Am I an heir to an estate? If a family member dies, it's natural to wonder if you are in line to inherit anything. Only the closest living family members inherit if the person did not leave a will. But if the deceased left a will, anyone named in a will can inherit regardless of family association.
Am I an Heir to Money?
If someone dies without a will, the property passes by "intestate succession" to near relatives of the person who died. State laws specify the order in which close relatives inherit. The person to inherit is termed the "heir" or the "heir at law." Court-appointed administrators are in charge of finding heirs to estates.
Most intestate succession statutes establish the heirs in this order: surviving spouse, the children, the parents and the siblings. If there is no surviving spouse or parents, the decedent's children may inherit everything. If there are no kids or parents, the surviving spouse inherits. If the decedent didn't leave either a spouse or children, many states name the decedent's parents and/or siblings as the heirs. After that comes other relatives such as aunts and uncles, nephews, nieces, cousins and grandparents in the order the state statute specifies.
To figure out whether you are an heir to an estate, check the state intestate succession statute and determine where your relationship falls on the legal spectrum. If you are the dead person's only relative or the closest relative under state law, you are the heir.
Am I the Beneficiary of an Estate?
If a person dies and leaves a will, the people or organizations named in the will inherit. They are called "beneficiaries," not heirs. Beneficiaries can be relatives, but in most cases, a person writing a will can simply leave his property to whomever or whatever he wishes, from his postman to his favorite charity. A surviving spouse may be entitled to a share, however, even if not named in the will.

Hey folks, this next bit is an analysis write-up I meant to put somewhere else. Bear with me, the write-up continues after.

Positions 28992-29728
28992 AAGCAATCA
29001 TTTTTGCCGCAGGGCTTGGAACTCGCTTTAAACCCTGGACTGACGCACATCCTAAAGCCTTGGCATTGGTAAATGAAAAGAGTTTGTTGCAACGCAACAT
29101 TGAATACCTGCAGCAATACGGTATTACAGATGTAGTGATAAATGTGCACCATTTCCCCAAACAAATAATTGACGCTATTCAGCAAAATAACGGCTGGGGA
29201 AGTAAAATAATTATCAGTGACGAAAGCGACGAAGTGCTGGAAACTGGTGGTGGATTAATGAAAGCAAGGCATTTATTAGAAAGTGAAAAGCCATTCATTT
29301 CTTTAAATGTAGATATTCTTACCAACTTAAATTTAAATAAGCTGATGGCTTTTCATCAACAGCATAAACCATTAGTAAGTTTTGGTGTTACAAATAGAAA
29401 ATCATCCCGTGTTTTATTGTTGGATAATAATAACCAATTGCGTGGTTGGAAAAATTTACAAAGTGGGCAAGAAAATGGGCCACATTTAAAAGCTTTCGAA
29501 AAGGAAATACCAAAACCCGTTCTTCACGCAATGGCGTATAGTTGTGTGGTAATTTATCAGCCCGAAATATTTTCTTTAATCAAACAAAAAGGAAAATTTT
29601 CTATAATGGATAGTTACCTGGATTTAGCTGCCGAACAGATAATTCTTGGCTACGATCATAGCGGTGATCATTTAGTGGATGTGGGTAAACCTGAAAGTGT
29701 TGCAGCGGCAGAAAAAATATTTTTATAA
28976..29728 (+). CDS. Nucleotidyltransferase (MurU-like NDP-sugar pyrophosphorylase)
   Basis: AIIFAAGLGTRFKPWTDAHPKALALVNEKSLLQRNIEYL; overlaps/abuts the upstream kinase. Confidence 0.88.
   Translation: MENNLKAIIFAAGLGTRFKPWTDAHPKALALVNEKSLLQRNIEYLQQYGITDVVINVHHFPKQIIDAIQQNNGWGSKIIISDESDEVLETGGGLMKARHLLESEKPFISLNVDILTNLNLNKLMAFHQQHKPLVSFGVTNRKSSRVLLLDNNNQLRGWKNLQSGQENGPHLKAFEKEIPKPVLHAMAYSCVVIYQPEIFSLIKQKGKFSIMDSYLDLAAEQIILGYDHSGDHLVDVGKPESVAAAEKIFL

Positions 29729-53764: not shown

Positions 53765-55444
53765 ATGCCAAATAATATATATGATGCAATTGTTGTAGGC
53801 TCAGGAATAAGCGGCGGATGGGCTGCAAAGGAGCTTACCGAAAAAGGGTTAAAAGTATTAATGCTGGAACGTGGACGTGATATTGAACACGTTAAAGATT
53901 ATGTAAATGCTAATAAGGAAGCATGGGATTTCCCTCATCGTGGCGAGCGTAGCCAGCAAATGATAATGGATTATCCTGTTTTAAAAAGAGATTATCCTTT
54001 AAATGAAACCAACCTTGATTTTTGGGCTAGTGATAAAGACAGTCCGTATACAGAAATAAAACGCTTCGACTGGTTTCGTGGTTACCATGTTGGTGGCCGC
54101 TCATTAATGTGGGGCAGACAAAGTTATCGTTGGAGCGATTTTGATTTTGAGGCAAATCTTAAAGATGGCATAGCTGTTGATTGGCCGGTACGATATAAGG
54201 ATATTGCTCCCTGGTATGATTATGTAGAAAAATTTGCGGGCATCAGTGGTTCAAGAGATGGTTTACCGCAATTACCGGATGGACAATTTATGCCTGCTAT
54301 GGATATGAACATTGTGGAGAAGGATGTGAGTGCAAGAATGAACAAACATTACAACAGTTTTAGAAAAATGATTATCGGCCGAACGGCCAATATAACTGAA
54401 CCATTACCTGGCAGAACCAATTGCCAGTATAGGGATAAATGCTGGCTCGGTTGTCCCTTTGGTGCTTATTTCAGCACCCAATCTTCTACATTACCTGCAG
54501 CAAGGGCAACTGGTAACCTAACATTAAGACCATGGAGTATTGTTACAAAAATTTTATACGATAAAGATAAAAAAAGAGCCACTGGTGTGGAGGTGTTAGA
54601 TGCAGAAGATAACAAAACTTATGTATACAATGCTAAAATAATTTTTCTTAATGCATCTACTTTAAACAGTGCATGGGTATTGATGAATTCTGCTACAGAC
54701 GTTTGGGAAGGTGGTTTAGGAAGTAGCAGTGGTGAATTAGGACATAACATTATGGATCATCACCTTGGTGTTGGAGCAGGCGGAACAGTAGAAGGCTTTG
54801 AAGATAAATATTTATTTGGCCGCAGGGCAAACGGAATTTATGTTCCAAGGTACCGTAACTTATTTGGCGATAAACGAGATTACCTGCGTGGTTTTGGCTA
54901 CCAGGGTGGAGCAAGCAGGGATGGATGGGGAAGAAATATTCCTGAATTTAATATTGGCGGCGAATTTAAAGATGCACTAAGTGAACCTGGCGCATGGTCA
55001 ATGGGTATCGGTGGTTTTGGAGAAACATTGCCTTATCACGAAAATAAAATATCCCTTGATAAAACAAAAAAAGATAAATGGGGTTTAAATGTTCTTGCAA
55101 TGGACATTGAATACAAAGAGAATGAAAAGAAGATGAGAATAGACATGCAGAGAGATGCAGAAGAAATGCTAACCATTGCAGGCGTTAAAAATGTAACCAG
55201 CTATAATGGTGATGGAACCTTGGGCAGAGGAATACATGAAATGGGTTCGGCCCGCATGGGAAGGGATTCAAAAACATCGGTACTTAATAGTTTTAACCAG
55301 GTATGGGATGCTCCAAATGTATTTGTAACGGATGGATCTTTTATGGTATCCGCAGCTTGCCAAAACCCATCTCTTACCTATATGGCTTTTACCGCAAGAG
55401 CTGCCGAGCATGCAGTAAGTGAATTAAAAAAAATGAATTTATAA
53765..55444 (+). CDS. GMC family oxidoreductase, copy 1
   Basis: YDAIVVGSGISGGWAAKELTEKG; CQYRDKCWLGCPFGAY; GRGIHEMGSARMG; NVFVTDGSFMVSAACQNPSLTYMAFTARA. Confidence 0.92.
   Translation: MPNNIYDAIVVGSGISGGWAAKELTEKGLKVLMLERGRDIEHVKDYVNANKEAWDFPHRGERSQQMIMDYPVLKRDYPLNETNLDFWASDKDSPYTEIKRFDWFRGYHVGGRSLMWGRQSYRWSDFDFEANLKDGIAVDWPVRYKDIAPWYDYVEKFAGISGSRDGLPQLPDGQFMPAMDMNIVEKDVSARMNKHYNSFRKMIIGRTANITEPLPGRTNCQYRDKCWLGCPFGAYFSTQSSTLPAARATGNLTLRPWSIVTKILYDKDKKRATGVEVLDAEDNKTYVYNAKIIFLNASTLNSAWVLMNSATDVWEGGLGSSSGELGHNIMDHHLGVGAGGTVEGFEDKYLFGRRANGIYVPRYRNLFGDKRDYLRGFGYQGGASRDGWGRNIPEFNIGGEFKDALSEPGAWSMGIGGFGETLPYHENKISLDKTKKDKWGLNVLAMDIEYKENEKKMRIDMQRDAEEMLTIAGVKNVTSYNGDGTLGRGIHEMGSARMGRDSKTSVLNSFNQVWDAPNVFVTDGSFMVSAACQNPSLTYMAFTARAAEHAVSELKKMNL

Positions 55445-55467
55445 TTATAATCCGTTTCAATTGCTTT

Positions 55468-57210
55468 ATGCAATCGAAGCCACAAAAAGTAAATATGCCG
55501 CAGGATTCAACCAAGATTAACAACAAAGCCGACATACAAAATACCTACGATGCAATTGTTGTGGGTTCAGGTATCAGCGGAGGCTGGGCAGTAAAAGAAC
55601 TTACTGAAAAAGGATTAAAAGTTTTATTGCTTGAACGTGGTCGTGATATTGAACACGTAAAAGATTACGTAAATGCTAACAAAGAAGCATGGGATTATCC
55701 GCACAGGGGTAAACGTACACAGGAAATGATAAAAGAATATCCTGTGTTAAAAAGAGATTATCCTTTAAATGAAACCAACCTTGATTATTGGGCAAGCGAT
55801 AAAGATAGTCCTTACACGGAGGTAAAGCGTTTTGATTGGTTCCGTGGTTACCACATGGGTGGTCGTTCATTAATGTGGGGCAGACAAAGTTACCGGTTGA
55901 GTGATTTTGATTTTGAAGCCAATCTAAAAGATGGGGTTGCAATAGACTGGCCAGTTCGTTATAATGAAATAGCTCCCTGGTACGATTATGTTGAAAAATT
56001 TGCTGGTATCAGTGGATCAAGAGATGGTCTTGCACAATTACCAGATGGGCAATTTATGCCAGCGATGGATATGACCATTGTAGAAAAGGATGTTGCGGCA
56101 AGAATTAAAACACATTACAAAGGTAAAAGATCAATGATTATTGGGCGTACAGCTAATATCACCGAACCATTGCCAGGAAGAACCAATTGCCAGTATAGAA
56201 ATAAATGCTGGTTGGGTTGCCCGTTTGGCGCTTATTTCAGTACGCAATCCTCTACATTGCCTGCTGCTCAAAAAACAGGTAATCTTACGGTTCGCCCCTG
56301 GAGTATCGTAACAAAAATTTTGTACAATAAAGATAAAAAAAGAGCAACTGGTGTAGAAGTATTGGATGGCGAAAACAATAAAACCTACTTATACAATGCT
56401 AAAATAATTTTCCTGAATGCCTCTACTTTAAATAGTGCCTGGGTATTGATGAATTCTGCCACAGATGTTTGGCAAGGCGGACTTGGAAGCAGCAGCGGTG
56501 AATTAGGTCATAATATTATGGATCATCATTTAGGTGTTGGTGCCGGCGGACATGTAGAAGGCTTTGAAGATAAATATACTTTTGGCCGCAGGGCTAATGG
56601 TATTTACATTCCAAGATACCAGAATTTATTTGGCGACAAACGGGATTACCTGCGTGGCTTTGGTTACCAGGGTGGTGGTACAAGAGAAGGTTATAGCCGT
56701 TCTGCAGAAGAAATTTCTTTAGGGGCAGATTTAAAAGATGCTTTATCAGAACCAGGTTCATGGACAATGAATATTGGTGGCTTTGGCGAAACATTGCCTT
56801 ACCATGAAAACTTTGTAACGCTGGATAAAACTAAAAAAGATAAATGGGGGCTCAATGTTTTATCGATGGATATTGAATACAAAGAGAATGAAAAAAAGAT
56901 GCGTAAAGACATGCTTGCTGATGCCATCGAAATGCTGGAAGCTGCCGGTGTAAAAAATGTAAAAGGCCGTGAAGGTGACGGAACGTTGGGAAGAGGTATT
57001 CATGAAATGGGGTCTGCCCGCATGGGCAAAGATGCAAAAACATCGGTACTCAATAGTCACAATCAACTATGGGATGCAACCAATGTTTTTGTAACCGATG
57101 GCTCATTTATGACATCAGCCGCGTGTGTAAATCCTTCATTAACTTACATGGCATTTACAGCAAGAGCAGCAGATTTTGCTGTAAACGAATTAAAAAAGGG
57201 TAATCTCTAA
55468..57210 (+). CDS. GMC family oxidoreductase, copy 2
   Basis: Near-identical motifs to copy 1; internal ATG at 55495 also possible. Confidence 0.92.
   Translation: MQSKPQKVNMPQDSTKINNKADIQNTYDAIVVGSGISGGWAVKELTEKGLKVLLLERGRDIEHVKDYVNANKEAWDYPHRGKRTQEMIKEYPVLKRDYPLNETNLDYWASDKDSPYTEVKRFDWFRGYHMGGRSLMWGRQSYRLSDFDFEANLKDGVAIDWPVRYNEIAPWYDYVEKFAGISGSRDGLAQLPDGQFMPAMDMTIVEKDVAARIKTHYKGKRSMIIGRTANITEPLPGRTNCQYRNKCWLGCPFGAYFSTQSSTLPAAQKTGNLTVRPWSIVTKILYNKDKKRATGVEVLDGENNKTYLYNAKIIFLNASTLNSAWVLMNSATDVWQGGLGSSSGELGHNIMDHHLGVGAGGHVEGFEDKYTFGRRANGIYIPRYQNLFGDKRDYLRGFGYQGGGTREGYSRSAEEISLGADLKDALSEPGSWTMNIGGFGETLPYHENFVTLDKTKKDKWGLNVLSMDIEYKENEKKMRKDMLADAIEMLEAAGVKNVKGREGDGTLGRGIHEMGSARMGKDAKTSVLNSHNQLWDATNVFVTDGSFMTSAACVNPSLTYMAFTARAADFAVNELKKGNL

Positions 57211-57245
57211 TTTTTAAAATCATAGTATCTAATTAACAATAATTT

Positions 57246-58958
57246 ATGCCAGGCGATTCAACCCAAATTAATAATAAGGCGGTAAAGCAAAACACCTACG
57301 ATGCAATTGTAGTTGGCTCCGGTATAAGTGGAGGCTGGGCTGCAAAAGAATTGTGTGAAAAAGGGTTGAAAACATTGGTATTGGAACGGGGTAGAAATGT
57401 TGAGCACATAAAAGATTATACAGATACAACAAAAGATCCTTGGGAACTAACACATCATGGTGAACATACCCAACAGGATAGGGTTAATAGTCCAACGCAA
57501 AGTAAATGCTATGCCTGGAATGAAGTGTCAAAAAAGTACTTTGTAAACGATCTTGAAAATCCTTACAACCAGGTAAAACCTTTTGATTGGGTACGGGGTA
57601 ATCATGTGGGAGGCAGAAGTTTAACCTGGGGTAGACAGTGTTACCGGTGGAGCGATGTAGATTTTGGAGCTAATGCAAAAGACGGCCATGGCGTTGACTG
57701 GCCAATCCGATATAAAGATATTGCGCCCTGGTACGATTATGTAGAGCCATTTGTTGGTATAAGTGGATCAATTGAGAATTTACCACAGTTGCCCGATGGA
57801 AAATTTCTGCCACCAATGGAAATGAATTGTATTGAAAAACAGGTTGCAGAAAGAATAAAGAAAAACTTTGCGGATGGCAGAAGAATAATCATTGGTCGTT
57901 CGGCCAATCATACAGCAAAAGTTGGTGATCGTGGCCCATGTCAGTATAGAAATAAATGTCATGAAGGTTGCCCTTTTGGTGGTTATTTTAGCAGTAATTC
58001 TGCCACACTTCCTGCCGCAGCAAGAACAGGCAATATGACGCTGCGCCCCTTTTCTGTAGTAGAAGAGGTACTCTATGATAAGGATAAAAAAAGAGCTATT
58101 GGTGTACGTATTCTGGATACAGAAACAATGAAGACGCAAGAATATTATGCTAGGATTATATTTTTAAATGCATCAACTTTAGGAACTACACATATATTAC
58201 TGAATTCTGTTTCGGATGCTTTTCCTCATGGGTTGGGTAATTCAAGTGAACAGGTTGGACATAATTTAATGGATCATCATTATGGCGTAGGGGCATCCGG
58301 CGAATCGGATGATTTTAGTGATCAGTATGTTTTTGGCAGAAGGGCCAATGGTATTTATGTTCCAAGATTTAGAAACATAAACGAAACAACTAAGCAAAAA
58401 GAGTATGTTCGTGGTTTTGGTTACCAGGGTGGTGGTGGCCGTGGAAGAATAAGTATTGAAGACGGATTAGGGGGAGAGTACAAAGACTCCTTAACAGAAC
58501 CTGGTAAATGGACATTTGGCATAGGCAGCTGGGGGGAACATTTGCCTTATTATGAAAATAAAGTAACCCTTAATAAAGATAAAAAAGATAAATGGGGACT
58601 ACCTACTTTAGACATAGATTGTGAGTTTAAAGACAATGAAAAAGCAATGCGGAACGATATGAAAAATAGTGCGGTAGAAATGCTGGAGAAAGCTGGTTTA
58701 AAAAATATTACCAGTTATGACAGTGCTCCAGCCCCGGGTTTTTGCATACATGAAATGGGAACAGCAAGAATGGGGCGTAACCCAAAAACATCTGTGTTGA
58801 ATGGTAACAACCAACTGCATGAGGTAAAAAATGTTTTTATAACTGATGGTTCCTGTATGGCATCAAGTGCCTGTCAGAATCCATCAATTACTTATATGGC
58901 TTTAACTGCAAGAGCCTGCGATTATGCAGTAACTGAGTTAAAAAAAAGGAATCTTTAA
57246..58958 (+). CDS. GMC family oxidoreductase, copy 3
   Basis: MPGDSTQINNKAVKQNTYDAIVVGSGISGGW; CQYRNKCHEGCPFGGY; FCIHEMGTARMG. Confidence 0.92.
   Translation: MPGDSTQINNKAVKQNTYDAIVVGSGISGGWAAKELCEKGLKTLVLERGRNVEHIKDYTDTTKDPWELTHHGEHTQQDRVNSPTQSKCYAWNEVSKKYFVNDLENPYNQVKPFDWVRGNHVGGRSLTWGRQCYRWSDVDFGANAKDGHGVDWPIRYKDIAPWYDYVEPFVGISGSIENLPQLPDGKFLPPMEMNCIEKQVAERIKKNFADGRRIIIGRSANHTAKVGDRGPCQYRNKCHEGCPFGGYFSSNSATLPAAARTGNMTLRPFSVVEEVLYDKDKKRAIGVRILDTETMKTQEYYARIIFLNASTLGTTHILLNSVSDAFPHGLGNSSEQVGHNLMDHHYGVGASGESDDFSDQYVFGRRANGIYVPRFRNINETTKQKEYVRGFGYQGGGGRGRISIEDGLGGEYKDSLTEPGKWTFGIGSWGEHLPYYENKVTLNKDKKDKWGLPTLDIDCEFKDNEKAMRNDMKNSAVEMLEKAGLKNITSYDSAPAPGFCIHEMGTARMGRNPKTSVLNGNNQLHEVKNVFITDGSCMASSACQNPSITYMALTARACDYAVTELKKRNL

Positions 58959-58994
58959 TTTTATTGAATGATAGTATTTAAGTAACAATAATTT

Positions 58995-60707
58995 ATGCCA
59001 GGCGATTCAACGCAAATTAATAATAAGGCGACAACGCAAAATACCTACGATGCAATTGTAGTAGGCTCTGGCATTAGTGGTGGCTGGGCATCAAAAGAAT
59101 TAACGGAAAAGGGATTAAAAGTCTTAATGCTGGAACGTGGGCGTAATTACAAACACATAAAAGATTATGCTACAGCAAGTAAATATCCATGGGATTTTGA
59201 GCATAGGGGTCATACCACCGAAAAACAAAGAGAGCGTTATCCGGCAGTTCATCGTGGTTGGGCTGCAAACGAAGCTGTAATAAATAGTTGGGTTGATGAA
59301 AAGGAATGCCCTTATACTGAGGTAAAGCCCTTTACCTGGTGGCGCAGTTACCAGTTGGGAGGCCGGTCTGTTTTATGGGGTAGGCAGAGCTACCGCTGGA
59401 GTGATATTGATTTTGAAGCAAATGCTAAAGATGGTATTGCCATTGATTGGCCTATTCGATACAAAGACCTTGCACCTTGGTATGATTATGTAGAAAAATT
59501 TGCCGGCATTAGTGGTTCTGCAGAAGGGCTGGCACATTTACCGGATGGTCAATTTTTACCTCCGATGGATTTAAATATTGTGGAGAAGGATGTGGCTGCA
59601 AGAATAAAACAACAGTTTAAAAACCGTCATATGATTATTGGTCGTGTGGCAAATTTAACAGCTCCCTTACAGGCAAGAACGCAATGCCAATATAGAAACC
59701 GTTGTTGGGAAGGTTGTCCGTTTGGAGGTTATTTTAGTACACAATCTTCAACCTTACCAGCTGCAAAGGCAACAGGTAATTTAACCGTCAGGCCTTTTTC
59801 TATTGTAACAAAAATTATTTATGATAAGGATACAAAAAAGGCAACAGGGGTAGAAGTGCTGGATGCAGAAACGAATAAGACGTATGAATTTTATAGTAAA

If you have reason to believe that you might have been named the beneficiary of the estate of someone who died, it's not hard to find out. Simply contact the executor, the person in charge of shepherding the will through the probate process, and ask her. Alternatively, walk into probate court in the town in which the deceased person lived and ask to see the file. Just give the clerk the deceased person's name and the date of death. The will should be one of the first documents in the file, so you won't have any trouble finding it.
- There are times when wills and trusts are contested and go into probate. If this is the case, it can be several years before assets or property are distributed. If the case goes into probate, contact a probate attorney.
With a Master's in English, a Master of Fine Arts in Creative Writing, and J.D. from U.C. Berkeley's law school, Teo Spengler is up on education. She splits her home time between San Francisco and France. A perpetual student and frequent teacher, she is also a writer and world traveler. Her work has appeared in numerous online publications including USA Today, Legal Zoom, eHow Business, Livestrong, SF Gate, Arizona Central, Fairmont Houston Chronicle, Navy Federal Credit Union, Pearson, Quicken.com, TurboTax.com, and numerous attorney websites.